Witnessing the metamorphosis of his own party in the early 1970s, Kim Beazley Senior famously quipped: “When I joined the Labor Party, it contained the cream of the working class. But as I look about me now, all I see are the dregs of the middle class. When will you middle-class perverts stop using the Labor Party as a cultural spittoon?”
With much water under the bridge since the elder Beazley’s lament, it is heartening to see that some in Labor remain in touch with the party’s roots planted over a century ago by trade unionists inspired more by Methodism than Marxism. This Monday, The Australian reported that Senator Kimberley Kitching is attempting to launch a cross-party “Defence of Democratic Institutions” Parliamentary Friendship Group to champion “Judeo-Christian, liberal-democratic values”.
The Labor Senator for Victoria told The Australian she considered it part of her job to fight “smug elitism” and would seek to ensure the views of “inner-city elites” did not prevail over the “quiet wisdom of working people”. To Labor’s oft-forgotten blue-collar base in the outer suburbs and regions, this must be music to their ears. Senator Kitching understands that the concerns of this conservative working-class constituency for family, faith, community and a fair go in the workplace trump pre-occupations with identity politics and virtue-signalling on social media.
Historically, this conservative limb of the Labor Party has provided a welcome counterpoint to the socialist excesses of the Left during the 1950s and 60s. Indeed, in contrast to the radicalism besetting other state divisions, the dominance of the Catholic Right in NSW made the ALP eminently electable with Macquarie Street home to a succession of moderate Labor premiers during the Menzies years. Today, parliamentarians such as Kitching, Chris Ketter and Helen Polley – not to forget Senate deputy leader Don Farrell – can help neutralise the political correctness of inner-city technocrats with a reaffirmation of the down-to-earth working-class values that gave the Labor movement its inspiration and popular appeal.
Encouragingly, the awakening of centre-left parties to their historic base is not confined to Australia. In Britain, Lord Glasman has emerged as a champion of what is popularly known as “Blue Labour”, a socially conservative movement bearing the motto of “work, family, community”. Aiming to “put relationships and responsibility at the heart of British politics”, Blue Labour favours reliance on local communities over the centralised, bureaucratic welfare state for the provision of services.
In the United States, meanwhile, the “Blue Dog” Democrats pride themselves on being voices in Congress for fiscal restraint and social conservatism. In a party that they see as having drifted too far left, they remind their fellow Democrats of the need to keep faith with the aspirations and values of middle America.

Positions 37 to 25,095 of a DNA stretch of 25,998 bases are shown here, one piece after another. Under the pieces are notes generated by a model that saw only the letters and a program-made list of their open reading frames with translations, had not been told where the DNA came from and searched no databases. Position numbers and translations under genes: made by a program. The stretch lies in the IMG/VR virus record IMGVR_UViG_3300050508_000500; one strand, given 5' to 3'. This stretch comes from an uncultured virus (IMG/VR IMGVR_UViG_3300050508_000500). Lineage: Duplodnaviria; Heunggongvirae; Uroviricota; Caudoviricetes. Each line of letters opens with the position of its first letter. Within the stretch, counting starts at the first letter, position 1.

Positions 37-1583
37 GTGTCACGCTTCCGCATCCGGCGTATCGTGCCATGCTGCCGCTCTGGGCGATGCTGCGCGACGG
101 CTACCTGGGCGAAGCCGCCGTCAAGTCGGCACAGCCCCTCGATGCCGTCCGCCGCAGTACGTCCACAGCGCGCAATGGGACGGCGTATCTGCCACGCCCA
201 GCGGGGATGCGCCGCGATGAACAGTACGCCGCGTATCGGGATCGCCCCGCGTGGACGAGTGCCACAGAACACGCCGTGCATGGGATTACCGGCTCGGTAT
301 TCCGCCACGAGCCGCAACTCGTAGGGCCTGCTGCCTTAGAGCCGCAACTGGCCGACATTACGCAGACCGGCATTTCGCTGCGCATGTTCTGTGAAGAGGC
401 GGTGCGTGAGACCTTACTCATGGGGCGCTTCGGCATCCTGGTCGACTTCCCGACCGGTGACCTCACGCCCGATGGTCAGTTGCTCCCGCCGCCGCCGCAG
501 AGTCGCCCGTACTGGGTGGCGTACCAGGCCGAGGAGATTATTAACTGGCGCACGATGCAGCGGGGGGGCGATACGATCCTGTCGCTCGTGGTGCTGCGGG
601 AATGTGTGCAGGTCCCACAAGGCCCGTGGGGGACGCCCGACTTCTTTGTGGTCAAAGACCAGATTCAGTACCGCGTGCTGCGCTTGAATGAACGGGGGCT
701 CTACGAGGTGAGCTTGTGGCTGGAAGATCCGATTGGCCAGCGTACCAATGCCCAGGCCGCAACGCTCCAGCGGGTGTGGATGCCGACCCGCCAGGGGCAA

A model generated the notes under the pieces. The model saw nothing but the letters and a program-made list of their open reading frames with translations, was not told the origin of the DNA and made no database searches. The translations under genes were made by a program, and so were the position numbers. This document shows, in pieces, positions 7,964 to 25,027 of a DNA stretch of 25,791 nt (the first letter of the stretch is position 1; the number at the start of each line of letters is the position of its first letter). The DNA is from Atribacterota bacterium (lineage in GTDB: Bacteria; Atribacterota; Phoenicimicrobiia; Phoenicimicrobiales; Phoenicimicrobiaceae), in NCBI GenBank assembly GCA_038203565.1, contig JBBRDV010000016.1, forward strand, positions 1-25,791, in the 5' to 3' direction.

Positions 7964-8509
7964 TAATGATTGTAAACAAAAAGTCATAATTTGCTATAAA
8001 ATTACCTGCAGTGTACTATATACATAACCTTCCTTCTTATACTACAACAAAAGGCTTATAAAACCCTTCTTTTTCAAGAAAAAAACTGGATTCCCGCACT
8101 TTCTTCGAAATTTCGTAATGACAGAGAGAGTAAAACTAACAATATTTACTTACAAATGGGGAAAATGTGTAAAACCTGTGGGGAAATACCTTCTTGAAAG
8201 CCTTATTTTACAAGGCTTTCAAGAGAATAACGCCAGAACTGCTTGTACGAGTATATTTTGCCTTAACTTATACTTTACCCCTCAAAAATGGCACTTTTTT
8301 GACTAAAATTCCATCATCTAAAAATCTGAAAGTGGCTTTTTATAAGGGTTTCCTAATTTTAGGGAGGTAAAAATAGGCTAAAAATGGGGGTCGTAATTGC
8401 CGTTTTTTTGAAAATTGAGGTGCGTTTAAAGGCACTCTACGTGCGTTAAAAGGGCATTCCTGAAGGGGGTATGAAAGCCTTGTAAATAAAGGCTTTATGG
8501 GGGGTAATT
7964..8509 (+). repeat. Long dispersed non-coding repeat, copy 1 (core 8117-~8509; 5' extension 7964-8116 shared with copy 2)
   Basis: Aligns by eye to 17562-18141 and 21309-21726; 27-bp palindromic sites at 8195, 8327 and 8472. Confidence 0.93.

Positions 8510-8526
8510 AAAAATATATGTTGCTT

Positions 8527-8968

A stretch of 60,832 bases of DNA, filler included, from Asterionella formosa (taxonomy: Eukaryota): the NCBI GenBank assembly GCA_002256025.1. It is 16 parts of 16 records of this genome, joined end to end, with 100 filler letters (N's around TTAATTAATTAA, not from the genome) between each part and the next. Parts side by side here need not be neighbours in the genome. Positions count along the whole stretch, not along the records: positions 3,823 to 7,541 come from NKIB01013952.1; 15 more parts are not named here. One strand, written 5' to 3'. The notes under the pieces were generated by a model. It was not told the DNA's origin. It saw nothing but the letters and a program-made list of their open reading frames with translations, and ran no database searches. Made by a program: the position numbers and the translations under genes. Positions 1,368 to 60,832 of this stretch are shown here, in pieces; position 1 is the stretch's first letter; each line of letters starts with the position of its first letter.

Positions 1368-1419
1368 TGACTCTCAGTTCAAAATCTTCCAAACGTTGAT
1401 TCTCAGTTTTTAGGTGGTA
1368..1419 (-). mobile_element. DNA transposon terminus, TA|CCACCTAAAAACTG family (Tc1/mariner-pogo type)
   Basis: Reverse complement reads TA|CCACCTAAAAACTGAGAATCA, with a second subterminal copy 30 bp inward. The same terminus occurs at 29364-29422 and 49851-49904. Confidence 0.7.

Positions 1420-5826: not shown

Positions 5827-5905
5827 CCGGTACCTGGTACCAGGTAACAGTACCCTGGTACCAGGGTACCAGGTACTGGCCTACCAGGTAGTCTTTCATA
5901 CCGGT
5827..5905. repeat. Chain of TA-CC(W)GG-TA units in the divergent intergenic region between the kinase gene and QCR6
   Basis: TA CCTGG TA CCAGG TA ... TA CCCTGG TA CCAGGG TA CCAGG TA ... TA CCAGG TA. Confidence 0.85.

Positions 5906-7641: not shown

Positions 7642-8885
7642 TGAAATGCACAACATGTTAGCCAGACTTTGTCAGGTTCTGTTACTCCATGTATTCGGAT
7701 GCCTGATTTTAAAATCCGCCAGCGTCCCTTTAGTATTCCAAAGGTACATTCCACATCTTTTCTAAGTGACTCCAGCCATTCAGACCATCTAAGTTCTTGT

With elements of the ALP and other centre-left parties pushing back against the march of the left, fresh opportunities for bipartisanship emerge as their interests converge with those of the centre-right. Despite obvious differences in philosophy and strategy, Labor and the Coalition alike draw historically from a common Judeo-Christian canon affirming the dignity and freedom of every individual, the importance of family and community, the limitations of state power, the intrinsic value of human labour, and compassion for the less fortunate.
Accordingly, the Labor Senator’s initiative to preserve such values has won plaudits from Liberals including Eric Abetz, Andrew Hastie and Craig Kelly with no doubt more to follow. In one sense, this should hardly be surprising as even the fiercest party loyalist would appreciate that the quest to recover the foundations of our society must transcend party lines. As The Australian editorialised, “there is far too little emphasis on issues and values that can unite our disparate political entities” in this era of hyper-partisanship.
While Australia’s major parties will have spirited disagreement on policies as diverse as taxation, public spending, social welfare and workplace reform, they can forge a remarkable degree of common ground when each appeal to their better angels. Senator Kitching’s welcome initiative appears to be attesting to this potential already.
David Furse-Roberts is a Research Fellow at the Menzies Research Centre.
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